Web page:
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Surrounded by “Sleights and Deception,” Elementary pretends everything’s fine

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Of the real thoughts and feelings of the criminal, of the terrible fascination which binds him to his nefarious career, of the thousands — yea, tens of thousands — of undiscovered crimes and unpunished criminals, you know but little.

Harry Houdini, The Right Way To Do Wrong; An Exposé of Successful Criminals, 1906

Always nice to have a twisty, light episode where somebody has to read a Nazi textbook, isn’t it?


“The Art Of Sleights and Deception” features a fairly satisfying mystery that grapples with its subculture’s underbelly not by offering a representative sample of magicians, but by tracing a single obsessive object through a man who went too far looking for it. Claude Rysher isn’t alone in this: an amateur sleuth once chased a man in Phoenix trying to get information, and the best magician in Atlantic City is apparently shoving USB drives into melons all over town just in case people come asking. But Rysher’s the one who gets close enough to the truth that it kills him, and Sherlock and Joan are following in his investigative wake. It’s a refreshing dynamic for the central twist. (It’s also refreshing to see everybody roundly condemning Nazis as a matter of course; it shouldn’t need to be refreshing, but these are strange times.)

At heart, though, this is an episode designed to reassure us about Joan and Sherlock’s partnership. Wherever they stand right now, the Shinwell Issue doesn’t reach them. As far as they know right now, Marcus’ case is resolved. They’re squarely in a space of domestic squabbles (if you’re going to practice bullet-catching in the house, call ahead of time so nobody gets a scare!), parallel sleuthing (backwards cards and Carpal tunnel scars), and the sort of offscreen conversations that, when properly deployed, make them look psychic.


When they’re this in sync, Joan and Sherlock walk a delicate line between professional partners and people who’ve been married too long to care about the little aggravations any more. All the ways Sherlock wakes Joan up fall somewhere along this continuum; standing by the foot of her bed, waiting to hand over information like a cat with a half-eaten mouse, tips toward the latter. (Play along at home with beats like Sherlock brandishing his credit card and shrugging, “I didn’t have the cash for the book”!)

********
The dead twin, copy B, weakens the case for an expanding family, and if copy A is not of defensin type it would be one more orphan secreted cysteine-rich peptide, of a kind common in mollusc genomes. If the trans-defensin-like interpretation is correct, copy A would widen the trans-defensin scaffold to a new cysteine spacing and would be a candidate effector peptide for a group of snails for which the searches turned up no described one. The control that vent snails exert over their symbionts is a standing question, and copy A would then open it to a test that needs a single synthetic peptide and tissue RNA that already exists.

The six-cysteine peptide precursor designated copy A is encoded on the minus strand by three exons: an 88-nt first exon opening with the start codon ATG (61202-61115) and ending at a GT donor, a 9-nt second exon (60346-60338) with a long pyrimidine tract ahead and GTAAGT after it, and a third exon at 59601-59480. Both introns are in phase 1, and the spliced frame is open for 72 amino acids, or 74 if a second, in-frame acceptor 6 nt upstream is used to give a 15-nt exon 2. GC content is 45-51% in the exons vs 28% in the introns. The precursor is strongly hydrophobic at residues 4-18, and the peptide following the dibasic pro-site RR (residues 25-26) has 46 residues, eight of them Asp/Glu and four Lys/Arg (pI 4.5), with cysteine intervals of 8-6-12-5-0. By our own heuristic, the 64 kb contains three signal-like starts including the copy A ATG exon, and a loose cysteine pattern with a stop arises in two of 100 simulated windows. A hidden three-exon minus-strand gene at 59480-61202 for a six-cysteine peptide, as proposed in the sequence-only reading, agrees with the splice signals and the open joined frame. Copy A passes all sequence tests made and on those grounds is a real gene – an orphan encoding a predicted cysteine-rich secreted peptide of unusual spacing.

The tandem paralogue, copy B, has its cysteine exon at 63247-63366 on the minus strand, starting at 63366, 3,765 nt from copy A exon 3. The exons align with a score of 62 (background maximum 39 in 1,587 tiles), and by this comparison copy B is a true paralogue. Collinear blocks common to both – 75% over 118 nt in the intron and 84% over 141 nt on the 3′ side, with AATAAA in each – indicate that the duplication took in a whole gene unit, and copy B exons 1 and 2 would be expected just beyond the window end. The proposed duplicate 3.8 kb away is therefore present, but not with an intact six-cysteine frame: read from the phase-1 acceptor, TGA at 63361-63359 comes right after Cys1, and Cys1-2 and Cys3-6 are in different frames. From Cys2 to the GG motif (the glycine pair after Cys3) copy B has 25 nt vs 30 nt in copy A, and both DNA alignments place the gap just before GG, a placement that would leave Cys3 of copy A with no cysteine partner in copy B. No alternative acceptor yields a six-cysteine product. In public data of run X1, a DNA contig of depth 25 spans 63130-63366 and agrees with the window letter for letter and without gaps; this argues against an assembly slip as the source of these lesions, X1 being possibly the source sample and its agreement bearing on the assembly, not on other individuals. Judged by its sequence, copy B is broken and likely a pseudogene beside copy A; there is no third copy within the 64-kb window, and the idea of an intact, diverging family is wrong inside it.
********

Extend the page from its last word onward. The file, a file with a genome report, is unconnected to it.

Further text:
Yet it’s hard to shake the feeling that Joan and Sherlock are going to be in trouble; something about an episode titled “Sleights and Deception” just doesn’t put you in a very trusting mood, I guess. It’s not hard to imagine that Marcus’s subplot about Internal Affairs, Roy, and Chantal is going to escalate and go poorly enough to shake Joan and Sherlock’s rock-steady understanding.

There’s a lot at work in Marcus’ subplot. First and foremost is Chantal herself. I assume she isn’t dead, because the show’s generally more thoughtful than that, but she hasn’t appeared enough to really develop as a character, which means whatever’s happened to her is meant to function as motivation for Marcus, so it’s not that thoughtful.

There’s also Marcus’ antipathy toward Internal Affairs (somehow in the same episode where he threatens to expose a crooked cop!). Marcus is, of course, innocent. The episode doesn’t leave us in any suspense on that score; Joan manages to shake down the false witness in between all the Nazi stuff, it’s that clear. But in a cultural moment where plenty of cops are pulling guns and Internal Affairs isn’t nearly as interested in that as they should be, giving Marcus this particular problem without specifying why he’s an “opportunity” feels like a weird move. (If he’s angry because he’s easy to make an example of while white cops get away with the same thing, I’d love to have the show tackle that. I just don’t expect that it will.) As it is, his and Joan’s first instinct is to call the DA’s office and see what they can do about potential criminal charges, which…just sounds like another red flag for Internal Affairs, honestly. Marcus knows better; Joan, interestingly, doesn’t seem to much care.